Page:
Medical Malpractice: Failure to Diagnose a Heart Attack

It is no medical secret that heart attacks are a leading cause of death in the United States. In fact, it is the second leading cause of death in Tennessee. Fortunately, it is often treatable if discovered quickly. Since coronary illnesses are common in a large amount of people, medical professionals are obligated to be aware of heat attack symptoms which include: chest pain, pain in one or both arms, neck pain, back pain, jaw pain, cold sweats, nausea, and shortness of breath. A doctors’ failure to recognize a heart attack may constitute malpractice.

WHEN IS THE FAILURE TO DIAGNOSE A HEART ATTACK MALPRACTICE?

A doctor or medical team may be guilty of malpractice if they misdiagnose a heart attack as indigestion or some other non-life threatening ailment. The key to determining if the misdiagnosis constitutes malpractice is to consider what information the doctor was given and what did the examination reveal. Heart attack symptoms are so universally known, it may be apparent from a simple review of the medical records. Specifically, do the records reflect common heart attack symptoms? Did the patient disclose a family history of heart disease? Were the proper tests conducted? Did the doctor ask the right questions and did they personally examine the patient? Was there a subsequent heart attack diagnosis at a different facility? These are a few of the relevant issues to examine when determining if the medical professional committed malpractice.

Information about Cardiac arrest and related illnesses

Cardiovascular illness is the main reason in the United States that a man or a woman dies. This illness occurs if circulation is limited by an artery not being wide enough due to fat building in the vessels. If blood is not flowing unrestricted to the heart, oxygen and nutrition can't go into a person's body. Each year, a little over one million people in the United States go into cardiac arrest and almost fifty percent of these people die as a result. Treatment for cardiac arrest tries to remove blockage from the affected arteries to allow blood to get into the body easier in order to lower the risk of going into cardiac arrest again. Treatment and a procedure known as thrombolytic therapy has been successful for cardiac arrest because it breaks down blood that becomes clotted. Other surgeries such as angioplasty and coronary artery bypass are also used to treat cardiac arrest. In order for these options to be successful they need to be given as fast as possible typically in an hour of when the cardiac arrest signs started appearing. Research has discovered that one out of fifty cardiac arrest episodes are not diagnosed.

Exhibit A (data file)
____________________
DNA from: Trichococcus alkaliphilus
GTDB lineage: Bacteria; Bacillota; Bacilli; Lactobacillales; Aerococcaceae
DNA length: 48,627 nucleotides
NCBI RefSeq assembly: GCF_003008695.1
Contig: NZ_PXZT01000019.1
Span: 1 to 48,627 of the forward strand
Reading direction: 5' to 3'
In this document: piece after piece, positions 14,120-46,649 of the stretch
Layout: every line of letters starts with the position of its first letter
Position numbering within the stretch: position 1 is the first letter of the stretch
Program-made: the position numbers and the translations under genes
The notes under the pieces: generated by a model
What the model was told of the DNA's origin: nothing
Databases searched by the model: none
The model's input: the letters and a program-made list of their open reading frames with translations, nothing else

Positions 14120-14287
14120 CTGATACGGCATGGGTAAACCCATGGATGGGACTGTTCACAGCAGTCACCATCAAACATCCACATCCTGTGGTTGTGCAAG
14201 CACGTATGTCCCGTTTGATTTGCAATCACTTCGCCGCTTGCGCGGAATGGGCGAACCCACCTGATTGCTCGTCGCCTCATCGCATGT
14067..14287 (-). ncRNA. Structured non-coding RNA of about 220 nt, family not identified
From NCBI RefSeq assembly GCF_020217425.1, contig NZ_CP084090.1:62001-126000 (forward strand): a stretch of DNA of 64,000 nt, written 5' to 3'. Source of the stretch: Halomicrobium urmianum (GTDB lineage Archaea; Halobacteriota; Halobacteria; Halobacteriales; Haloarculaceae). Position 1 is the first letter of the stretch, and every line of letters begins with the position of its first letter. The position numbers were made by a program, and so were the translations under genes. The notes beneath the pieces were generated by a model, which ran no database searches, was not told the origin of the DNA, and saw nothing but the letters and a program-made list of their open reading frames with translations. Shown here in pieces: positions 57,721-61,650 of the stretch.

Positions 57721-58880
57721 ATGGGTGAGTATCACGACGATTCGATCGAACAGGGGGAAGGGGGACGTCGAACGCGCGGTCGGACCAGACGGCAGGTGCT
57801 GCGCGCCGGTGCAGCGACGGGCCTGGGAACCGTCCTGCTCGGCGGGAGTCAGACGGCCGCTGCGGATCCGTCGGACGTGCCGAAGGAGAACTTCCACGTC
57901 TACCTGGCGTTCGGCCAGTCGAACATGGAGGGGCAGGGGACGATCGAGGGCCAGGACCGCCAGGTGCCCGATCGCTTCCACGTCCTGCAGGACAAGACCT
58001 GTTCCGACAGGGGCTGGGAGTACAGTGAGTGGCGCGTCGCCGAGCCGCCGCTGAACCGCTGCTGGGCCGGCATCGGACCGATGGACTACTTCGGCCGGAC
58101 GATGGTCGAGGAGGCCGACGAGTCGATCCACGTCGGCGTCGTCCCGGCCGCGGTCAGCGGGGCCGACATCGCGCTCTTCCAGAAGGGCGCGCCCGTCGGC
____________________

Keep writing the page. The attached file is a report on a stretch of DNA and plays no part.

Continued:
Illnesses that may lead to cardiac arrest often take time to appear until arteries become blocked and a patient is hospitalized. When a patient is hospitalized medical professionals are under an obligation to test in order to figure out if the patient actually went into cardiac arrest. Sometimes medical professionals may ignore signs or not spend an adequate amount of time looking over a patient and then they may not notice the signs of a cardiac arrest episode and this can lead to life-threatening injuries.

MEDICAL MALPRACTICE CONSULTATION

If you or a family member sought medical help for a heart attack and were turned away, please contact our office. Our legal team knows how hard this must be for you and the ones you love. We will work on your behalf to make sure that you compensated for what you have suffered.

Contact us online or call us at 800-705-2121 to consult with us about your case and any legal action you may be able to take.